Article Title: "Newnan's Expeditions. Col. Daniel Newnan's report to Gov. Mitchell of his expedition against the Seminoles of Alachua with the Georgia volunteers, noting that King Payne was wounded, and that the blacks among the Seminole 'are their best soldiers.' "
Author:
Published in: National Intelligencer
Place of Publication: Washington, DC
Publication Date: 12/5/1812




NEWNAN'S EXPEDITION.
Detailed account of Colonel Newnan's Late Expedition against the Florida Indians.
IN THE HOUSE OF REPRESENTATIVES OF GEORGIA.
Thursday, 5th Nov. 1812.
On motion,
Resolved, That his excellency the Governor be requested to lay before this House any information, which may be in his possession, relative to an expedition lately conducted by the adjutant general of this State, against the Seminolie Indians in East Florida.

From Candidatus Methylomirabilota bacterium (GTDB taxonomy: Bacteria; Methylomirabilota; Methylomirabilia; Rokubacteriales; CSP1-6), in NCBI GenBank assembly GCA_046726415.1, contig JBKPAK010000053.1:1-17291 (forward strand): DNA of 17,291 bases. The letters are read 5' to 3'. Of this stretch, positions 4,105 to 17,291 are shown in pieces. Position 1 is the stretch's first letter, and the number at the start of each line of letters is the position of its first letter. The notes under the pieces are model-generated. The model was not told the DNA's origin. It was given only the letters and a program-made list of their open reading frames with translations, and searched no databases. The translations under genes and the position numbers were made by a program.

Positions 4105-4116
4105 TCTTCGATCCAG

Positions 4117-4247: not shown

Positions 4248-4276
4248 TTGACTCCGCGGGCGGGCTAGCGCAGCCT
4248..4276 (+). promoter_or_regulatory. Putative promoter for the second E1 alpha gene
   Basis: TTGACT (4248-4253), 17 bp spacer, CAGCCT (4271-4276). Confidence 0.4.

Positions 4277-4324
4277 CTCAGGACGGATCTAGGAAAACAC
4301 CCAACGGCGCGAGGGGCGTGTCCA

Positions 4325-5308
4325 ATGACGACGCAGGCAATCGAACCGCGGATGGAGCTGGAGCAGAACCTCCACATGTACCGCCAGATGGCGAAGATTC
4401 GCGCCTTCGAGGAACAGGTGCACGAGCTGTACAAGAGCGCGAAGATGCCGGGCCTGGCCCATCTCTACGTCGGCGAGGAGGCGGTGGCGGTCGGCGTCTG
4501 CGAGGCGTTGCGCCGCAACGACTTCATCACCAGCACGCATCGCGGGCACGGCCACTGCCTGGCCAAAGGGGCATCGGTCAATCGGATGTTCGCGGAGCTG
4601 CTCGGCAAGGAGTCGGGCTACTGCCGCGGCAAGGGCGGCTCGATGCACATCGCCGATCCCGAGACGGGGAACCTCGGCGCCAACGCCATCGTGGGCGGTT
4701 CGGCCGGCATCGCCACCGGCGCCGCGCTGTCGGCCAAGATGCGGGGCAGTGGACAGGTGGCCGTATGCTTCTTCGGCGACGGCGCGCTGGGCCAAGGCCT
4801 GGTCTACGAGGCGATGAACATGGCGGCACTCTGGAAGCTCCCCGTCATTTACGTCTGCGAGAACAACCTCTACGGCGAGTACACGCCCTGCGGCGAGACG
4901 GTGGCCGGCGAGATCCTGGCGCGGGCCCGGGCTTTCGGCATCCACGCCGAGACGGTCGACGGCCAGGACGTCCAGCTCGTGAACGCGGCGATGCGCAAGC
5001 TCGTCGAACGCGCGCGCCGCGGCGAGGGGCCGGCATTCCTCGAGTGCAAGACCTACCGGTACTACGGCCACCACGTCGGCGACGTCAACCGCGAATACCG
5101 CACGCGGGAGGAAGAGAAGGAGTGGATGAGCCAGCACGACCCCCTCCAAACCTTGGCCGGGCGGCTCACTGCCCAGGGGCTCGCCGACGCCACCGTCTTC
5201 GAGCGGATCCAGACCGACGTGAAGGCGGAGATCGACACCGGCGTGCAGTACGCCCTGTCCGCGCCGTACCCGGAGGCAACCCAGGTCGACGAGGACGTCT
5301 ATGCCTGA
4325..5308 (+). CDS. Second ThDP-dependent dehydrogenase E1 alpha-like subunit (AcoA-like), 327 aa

Read and agreed to,
Attest, HINES HOLT, Clerk.
Executive Department, Georgia,
Milledgeville, 7th Nov. 1812.
Mr. Speaker, and Gentlemen of the House of Representatives !
In compliance with your Resolutions of the 5th inst. calling for information relative to an expedition lately conducted by the adjutant general of this State, against the Seminolie Indians in East Florida, you will herewith receive a copy of a letter recently received at this Department from colonel Daniel Newnan, which contains all the official information I possess. It is proper to remark that, as far as my knowledge extends, the expedition referred to was a voluntary act of the officers and men who were engaged in it.
D. B. MITCHELL.
New Hope, St. John's,
19th Oct. 1812.